BUILDING CAPACITY FOR A LEARNING COMMUNITY
Since the early days of the 20th century, schools and educators have been subjected to numerous calls for improvement of their performance. A curious aspect of this phenomenon is that school-based educators (teachers and school administrators alike) have usually been positioned as objects to be manipulated and controlled rather than as professional creators of a learning culture. In recent years, however, this position has lost considerable credibility because school-based educators are exactly the people who deal directly with the learning of children. From that standpoint, scholars and change agents have begun to advance the notion of the learning community as a preferred strategy for school improvement.
The metaphor of the learning community assumes, first, that schools are expected to facilitate the learning of all individuals, and, second, that educators are ideally positioned to address fundamental issues and concerns in relation to learning. Within this metaphor, school people are central to questions of educational practice, change, and improvement; they are the ones charged with the tasks of identifying and confronting the problems and mysteries of professional practices. But simply charging them with this responsibility will not necessarily bring about the types of profound improvement that are envisioned within a learning community. Instead, capacity for a learning community needs deliberately and explicitly to be built among educators and within schools and school systems.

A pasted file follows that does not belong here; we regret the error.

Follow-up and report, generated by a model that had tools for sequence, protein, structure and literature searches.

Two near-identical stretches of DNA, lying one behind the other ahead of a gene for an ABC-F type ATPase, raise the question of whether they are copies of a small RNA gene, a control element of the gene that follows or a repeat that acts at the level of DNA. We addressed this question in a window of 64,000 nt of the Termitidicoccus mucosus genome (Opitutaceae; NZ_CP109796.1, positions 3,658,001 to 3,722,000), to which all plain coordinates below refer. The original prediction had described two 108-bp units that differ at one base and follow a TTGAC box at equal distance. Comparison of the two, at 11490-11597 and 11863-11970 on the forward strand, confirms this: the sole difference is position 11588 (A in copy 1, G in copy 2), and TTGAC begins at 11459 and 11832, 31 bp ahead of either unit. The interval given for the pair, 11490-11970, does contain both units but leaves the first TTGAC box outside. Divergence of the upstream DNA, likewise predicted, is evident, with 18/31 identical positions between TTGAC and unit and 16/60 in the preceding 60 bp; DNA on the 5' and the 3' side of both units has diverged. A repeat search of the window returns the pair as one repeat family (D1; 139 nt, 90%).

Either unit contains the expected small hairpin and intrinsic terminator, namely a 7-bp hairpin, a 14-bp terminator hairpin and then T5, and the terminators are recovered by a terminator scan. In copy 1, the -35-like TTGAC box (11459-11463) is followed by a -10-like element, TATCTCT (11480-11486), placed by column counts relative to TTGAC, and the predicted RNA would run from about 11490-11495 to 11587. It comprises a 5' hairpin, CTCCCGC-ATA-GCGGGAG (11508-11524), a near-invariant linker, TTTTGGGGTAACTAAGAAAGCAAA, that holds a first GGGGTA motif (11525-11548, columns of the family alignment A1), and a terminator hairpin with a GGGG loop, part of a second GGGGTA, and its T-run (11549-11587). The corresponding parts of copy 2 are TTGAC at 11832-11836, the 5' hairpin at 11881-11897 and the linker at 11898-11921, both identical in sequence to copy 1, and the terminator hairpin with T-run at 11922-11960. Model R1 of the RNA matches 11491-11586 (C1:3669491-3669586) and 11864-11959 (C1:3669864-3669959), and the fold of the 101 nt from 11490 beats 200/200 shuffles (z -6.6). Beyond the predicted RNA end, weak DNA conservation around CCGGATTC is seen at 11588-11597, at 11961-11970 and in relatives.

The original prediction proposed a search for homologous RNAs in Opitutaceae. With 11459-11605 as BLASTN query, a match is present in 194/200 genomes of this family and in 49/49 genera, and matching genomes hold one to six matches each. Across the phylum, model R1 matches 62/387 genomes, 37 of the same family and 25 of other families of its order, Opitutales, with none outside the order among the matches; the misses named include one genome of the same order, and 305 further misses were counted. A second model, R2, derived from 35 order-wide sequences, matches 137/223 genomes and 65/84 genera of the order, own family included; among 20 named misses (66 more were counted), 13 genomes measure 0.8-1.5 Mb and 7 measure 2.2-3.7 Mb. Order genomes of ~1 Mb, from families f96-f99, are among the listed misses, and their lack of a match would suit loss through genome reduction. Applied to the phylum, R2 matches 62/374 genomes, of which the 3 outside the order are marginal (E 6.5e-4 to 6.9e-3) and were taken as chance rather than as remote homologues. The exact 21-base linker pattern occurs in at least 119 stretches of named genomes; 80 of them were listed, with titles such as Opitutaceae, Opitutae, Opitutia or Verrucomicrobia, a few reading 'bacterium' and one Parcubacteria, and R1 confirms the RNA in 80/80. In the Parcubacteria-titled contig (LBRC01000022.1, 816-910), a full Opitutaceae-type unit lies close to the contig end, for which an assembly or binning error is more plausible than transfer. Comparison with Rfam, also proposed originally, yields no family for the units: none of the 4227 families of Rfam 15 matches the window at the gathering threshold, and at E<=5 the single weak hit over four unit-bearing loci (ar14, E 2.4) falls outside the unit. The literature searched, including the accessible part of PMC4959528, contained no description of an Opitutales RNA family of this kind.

In this paper, we present a model that frames our understandings about the ways in which people can construct a learning community. The model consists of three pivotal capacities that we believe need to be built if a school is to function as a learning community: personal capacity, interpersonal capacity, and organizational capacity. In a recently published book (Mitchell & Sackney, 2000), we provided a fuller development of the model and we embedded it in data from several studies and projects that we have undertaken over the past decade. In this paper, we present a summarized version of the model and of our foundational assumptions.
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